The Build companies have grown through a variety of strategies: organically, inorganically or international expansion all with R&D at its core. This group typically invested 10%-25% of revenues in R&D whilst maintaining a respectable revenue growth of 50%-100% over the five-year period. Notably, a mixture of public and private companies based in Europe dominates this segment. Companies in this segment have launched on average 2.4 NMEs in the last ten years, but do not rely on these for their 2013 revenue.  Indeed half of the Build companies had no NME launches and Merck’s 11 launches during the period skews the average.  These companies typically have portfolios of historical products such as LCM products and other legacy products that are still generating top-line and growth. The group also invested less than half of their 2013 revenue into acquisition deals. By maintaining both revenue and R&D growth, this group has remained profitable with EBIT as a percentage of revenue (2013) typically ranging between 20%-40%.

Focused strategies bound by commitment to R&D and innovation

This is a diverse group with respect to drivers for growth, yet each has focused on a particular strength and built carefully from that, as illustrated by the following four examples:

  • Novo Nordisk has shown a strong commitment to R&D that has been reflected in its output, launching four NMEs during 2004-2013. The company is primarily focused in developing insulin treatments for diabetes, both patented and generic products. The CEO of Novo Nordisk has stated that “the insulin market is big enough and growing fast enough that Novo Nordisk does not need to make acquisitions.”[ii] As such, there is room for innovation in this field to fuel organic growth for the company. Establishing presence in obesity is now complementing this field in addition to expanding the haemophilia and growth disorders franchises.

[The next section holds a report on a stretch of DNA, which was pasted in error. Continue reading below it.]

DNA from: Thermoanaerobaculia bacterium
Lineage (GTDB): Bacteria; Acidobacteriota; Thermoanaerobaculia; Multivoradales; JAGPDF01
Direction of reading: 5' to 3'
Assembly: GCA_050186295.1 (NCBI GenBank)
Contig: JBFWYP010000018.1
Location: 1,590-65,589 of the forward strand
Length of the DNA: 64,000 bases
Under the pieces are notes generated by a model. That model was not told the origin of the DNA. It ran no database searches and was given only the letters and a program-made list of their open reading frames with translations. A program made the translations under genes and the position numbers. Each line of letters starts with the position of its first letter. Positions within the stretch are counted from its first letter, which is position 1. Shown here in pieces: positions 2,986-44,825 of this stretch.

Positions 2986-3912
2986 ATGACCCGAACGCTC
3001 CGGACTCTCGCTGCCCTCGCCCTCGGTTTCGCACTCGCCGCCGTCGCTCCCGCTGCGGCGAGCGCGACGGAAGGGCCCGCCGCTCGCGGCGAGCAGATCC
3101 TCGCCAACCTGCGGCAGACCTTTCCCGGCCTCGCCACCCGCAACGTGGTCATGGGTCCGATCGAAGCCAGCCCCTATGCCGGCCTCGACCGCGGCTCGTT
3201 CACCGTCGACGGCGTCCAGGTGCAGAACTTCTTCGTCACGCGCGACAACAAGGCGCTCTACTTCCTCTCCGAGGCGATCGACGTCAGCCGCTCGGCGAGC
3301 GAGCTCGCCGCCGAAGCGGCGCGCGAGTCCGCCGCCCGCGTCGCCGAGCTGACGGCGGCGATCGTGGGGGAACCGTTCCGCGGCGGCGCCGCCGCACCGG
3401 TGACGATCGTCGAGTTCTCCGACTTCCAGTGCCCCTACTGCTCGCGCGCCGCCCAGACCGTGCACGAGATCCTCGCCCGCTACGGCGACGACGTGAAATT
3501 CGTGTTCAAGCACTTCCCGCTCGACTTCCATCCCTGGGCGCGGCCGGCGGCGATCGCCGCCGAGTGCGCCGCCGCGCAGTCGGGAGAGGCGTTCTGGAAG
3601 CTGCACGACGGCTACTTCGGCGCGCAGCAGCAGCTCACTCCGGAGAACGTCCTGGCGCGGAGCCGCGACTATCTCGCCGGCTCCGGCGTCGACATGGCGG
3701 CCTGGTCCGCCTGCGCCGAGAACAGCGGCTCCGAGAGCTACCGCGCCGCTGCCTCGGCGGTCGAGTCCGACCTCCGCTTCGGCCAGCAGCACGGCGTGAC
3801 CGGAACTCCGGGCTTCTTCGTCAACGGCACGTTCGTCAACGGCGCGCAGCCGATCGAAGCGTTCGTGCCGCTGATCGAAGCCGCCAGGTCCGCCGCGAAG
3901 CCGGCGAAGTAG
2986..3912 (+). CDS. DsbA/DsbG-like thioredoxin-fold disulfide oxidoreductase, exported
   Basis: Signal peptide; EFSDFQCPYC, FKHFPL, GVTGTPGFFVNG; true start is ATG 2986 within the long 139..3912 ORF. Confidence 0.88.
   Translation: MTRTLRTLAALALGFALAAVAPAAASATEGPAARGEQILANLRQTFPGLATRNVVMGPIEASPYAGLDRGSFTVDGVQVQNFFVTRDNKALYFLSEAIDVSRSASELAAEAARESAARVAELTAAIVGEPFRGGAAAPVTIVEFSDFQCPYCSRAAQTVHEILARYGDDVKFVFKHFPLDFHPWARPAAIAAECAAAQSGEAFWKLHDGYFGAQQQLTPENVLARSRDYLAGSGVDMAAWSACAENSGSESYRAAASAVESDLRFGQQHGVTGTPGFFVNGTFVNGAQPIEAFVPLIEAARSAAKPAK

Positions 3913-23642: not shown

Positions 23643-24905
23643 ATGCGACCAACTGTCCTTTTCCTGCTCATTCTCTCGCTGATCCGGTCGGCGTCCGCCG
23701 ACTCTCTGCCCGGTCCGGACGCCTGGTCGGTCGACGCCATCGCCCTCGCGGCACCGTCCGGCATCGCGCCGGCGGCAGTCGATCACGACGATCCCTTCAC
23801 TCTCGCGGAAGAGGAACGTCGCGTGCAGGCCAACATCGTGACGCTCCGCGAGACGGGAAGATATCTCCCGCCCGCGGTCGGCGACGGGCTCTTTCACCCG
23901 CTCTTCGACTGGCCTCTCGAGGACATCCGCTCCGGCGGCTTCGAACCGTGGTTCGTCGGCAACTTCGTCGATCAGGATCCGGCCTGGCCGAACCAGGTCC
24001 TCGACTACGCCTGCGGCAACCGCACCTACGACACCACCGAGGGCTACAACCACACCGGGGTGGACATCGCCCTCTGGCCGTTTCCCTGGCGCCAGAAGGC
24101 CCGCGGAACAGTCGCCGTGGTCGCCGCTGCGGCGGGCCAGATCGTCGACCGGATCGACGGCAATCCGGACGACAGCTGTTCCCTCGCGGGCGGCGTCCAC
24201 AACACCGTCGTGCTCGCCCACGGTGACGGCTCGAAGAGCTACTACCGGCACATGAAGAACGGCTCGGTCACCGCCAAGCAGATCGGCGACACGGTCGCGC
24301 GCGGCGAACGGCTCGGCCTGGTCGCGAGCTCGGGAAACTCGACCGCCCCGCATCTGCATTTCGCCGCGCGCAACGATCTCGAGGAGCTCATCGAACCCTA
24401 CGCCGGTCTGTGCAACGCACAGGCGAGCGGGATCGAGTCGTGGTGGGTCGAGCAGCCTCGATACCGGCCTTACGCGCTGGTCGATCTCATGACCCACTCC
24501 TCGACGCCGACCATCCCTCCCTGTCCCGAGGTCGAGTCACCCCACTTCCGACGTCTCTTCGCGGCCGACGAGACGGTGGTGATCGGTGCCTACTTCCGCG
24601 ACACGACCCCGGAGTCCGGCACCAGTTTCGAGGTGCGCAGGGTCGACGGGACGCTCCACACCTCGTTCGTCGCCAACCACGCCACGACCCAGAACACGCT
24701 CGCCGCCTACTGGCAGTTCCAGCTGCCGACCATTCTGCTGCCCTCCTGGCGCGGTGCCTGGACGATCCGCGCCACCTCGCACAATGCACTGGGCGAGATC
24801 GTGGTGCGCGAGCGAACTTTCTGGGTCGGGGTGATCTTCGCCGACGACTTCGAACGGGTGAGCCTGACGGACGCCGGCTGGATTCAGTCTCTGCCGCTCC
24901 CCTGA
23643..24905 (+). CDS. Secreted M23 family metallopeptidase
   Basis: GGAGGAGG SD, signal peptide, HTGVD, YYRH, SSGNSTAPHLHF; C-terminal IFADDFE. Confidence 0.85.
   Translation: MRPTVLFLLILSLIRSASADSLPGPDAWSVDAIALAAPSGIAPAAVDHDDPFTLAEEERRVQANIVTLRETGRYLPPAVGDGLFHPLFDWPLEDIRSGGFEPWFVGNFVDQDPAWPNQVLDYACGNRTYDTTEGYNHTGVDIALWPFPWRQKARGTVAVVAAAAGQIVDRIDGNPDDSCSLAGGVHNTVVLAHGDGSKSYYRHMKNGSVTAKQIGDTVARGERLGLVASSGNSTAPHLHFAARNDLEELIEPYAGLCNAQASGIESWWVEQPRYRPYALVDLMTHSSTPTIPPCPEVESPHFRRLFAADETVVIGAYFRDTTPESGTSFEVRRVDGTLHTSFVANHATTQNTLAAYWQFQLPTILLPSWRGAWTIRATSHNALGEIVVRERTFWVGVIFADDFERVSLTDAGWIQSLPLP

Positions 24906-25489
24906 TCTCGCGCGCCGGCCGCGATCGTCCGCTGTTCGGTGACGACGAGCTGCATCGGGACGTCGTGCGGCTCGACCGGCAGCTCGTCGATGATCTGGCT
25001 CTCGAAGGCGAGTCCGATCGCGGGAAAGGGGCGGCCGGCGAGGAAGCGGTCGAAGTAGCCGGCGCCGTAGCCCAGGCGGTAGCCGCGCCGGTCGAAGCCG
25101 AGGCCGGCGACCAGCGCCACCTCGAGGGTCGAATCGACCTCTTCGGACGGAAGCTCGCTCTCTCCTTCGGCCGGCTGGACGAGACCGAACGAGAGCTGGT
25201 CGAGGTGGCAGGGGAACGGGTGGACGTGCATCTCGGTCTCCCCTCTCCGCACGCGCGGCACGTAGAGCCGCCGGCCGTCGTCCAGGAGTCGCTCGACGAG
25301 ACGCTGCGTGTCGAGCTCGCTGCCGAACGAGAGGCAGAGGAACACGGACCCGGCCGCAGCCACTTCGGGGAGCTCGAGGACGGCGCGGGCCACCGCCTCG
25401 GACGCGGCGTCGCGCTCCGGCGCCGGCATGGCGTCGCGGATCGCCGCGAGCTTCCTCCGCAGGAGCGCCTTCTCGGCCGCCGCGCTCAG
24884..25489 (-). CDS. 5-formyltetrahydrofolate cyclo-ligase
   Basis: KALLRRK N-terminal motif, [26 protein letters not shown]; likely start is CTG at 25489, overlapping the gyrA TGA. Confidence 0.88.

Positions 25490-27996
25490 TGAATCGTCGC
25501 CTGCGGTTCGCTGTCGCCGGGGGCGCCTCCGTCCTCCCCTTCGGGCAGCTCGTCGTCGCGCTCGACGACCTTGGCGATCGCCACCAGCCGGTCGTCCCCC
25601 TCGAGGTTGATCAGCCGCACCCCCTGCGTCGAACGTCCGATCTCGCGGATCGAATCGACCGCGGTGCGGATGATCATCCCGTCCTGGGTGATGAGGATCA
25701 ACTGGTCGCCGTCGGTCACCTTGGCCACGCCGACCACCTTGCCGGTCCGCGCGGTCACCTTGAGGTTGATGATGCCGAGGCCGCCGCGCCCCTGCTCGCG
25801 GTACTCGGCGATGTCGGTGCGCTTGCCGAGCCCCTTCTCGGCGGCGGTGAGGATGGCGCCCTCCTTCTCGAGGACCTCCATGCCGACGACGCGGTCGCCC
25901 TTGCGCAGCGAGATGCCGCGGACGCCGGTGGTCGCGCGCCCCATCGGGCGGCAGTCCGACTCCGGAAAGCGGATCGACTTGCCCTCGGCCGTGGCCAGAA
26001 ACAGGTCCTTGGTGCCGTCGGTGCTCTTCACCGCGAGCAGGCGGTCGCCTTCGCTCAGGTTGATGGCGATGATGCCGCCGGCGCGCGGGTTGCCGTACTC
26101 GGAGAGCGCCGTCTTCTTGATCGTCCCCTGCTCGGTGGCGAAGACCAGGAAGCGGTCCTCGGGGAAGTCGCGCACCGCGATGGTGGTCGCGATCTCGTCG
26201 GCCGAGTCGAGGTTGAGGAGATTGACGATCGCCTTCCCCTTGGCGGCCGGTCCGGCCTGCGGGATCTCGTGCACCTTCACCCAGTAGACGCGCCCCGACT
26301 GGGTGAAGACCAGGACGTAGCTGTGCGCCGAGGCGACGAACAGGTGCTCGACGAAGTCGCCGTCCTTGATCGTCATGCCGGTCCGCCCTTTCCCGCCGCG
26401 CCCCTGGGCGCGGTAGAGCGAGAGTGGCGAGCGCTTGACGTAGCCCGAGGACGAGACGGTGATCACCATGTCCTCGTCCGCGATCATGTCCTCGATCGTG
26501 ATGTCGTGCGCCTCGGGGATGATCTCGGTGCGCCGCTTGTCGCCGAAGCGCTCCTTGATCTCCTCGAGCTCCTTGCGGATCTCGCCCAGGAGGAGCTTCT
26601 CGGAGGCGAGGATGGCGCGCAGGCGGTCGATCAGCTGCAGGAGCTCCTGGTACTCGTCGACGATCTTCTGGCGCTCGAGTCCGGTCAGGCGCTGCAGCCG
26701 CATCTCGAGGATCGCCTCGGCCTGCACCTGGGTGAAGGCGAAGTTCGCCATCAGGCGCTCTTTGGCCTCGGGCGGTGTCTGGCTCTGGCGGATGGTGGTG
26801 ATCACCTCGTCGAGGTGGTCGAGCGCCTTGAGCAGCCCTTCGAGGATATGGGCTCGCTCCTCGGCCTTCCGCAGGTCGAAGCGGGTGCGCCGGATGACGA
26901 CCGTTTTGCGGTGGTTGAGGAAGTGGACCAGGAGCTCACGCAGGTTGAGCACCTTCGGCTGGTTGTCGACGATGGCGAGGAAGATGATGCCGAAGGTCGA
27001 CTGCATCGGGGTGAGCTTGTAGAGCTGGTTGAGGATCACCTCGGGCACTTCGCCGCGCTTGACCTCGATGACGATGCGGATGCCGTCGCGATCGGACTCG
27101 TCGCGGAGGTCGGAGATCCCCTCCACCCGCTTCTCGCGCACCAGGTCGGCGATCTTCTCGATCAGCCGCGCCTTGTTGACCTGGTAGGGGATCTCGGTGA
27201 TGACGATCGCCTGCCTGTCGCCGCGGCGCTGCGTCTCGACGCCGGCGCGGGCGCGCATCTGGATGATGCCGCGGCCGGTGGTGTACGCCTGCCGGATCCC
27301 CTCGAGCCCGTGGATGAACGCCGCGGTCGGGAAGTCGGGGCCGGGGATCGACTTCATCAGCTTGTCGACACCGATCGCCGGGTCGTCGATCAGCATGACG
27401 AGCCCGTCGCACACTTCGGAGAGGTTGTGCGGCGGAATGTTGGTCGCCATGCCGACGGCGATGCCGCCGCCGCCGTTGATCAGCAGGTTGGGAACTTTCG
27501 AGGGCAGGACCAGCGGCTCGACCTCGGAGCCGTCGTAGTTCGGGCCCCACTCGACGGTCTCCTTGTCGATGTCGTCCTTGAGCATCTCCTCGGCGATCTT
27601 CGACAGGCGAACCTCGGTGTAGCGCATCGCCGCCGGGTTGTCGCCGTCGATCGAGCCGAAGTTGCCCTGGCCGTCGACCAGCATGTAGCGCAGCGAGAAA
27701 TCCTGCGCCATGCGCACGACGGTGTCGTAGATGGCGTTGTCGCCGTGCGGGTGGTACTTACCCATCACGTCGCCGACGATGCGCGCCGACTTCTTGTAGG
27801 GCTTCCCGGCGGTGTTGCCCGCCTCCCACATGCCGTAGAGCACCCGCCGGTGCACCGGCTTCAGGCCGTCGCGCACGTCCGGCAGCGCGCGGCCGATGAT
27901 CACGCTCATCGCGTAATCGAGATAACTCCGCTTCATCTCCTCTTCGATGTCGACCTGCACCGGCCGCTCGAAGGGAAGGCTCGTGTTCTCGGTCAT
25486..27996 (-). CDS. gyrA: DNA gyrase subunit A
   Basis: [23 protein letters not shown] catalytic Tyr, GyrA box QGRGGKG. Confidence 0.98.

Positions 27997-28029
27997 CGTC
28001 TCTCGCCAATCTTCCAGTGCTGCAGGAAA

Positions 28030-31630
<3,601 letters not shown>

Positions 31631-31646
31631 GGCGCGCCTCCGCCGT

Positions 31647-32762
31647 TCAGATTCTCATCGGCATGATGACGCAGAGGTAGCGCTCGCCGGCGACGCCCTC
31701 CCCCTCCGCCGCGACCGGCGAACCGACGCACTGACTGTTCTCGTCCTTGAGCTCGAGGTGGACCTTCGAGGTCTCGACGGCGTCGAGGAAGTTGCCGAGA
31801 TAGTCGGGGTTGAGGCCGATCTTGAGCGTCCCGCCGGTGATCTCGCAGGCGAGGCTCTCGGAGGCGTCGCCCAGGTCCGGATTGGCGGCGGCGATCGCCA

• Chiesi has been growing internationally, stating that international sales outgrow national: 75% of 2013 revenue represented international sales. Chiesi also stated that 70% of 2013 revenue is due to internal growth (i.e. generated from products developed in the internal R&D pipeline), the remainder is a result of acquisitions.  Chiesi strives to capture value from existing brands through an LCM pipeline (“Foster and Nexthaler and related brands continue to be the main driver behind the company’s development”), as well as investing in innovative technologies.
  • Shire recently underwent an R&D transformation, resulting in an R&D strategy centered on rare diseases. Consequently, Shire’s commitment to its new strategy is illustrated by the plethora of acquisitions it has secured; a total of six acquisitions in the last five years, four of which were completed in 2013. These acquisitions brought in a portfolio of commercial and pipeline products to strengthen Shire’s position in the rare disease field.